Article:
1. Lingua Franca
Written, directed, produced by, and starring Isabel Sandoval, a quadruple-threat Filipina filmmaker, Lingua Franca is a moving film about an undocumented trans caregiver (Olivia) in Brooklyn. Having exhausted every possible option to achieve legal status, she begins a romantic relationship with her elderly patient’s adult son in the hopes of a marriage-based green card. Lingua Franca is a heartfelt and touching tribute to the marginalized and an absolute triumph for representation: Sandoval’s Lingua Franca premiere at the Venice Film Festival marks the first time a trans woman of color participated in the competition.
2. The Paper Tigers
Is it a martial arts film, a comedy, a drama? No, it’s all three! The Paper Tigers is a high energy, hilarious, and surprisingly relatable story about three middle-aged men, each a former kung fu prodigy. They never thought their martial arts pasts would be valuable again in their adult lives, until their former master is murdered, and they vow revenge (after they get their kids to bed, of course). Written and directed by newcomer Bao Tran, and funded in part by a Kickstarter campaign, The Paper Tigers is a sensational watch.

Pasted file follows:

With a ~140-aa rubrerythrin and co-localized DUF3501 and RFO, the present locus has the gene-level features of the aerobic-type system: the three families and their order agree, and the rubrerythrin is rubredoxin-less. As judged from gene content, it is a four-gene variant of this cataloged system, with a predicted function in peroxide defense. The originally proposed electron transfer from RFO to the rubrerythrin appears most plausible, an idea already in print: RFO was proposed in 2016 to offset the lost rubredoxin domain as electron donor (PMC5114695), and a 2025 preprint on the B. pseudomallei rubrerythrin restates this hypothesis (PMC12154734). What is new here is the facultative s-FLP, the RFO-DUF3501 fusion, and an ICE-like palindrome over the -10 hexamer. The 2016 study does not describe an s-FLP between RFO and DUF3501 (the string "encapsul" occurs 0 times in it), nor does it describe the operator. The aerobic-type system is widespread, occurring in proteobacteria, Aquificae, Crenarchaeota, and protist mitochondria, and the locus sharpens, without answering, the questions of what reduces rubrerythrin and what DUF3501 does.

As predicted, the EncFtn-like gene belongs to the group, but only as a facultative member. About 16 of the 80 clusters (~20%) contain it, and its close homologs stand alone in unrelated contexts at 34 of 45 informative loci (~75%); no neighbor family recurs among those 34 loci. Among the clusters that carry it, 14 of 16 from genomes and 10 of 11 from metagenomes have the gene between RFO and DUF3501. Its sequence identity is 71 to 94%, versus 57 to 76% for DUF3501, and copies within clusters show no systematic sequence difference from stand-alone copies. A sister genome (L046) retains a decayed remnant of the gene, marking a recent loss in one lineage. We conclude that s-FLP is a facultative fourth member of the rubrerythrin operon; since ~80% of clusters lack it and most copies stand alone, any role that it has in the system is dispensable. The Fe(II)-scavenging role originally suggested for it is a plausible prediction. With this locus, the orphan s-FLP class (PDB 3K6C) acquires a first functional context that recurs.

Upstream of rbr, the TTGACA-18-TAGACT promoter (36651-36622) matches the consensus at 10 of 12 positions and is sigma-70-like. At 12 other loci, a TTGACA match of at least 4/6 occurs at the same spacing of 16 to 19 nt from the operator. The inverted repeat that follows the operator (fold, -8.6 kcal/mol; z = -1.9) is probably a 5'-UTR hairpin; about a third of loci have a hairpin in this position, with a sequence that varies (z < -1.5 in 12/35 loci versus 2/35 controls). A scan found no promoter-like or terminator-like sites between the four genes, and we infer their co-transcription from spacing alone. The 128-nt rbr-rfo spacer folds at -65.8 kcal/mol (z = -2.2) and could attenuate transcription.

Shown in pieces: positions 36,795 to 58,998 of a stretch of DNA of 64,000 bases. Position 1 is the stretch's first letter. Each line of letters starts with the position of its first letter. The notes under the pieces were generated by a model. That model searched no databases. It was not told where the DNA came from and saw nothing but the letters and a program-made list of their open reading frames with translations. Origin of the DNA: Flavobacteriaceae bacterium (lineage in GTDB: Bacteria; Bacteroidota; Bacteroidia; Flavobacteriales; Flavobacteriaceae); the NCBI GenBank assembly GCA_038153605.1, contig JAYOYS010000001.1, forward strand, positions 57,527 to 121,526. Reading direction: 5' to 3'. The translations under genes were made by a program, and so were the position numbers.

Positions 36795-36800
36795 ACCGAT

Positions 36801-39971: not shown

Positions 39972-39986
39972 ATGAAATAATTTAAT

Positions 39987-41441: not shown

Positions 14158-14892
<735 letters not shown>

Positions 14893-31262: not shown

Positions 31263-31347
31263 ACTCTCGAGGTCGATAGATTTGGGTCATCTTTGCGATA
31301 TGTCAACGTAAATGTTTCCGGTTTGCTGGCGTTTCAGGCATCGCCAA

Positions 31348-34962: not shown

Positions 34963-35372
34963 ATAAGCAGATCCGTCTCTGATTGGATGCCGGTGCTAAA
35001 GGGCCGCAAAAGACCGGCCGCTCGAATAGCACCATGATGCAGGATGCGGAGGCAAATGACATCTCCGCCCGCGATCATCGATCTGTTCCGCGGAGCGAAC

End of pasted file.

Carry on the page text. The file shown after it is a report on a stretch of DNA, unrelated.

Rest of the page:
In a near future where women are becoming infertile and cosmetic surgery is a major industry, Gwen (Jacqueline Kim) is a woman without many options. When she’s abruptly fired from her job, she agrees to be a test subject for a risky procedure in order to ensure her daughter’s future. Written by Jennifer Phang and Jacqueline Kim, and directed by Phang, Advantageous is a pensive, artful sci-fi drama — a winner for all fans of dystopian cinema.
According to sea.mashable.com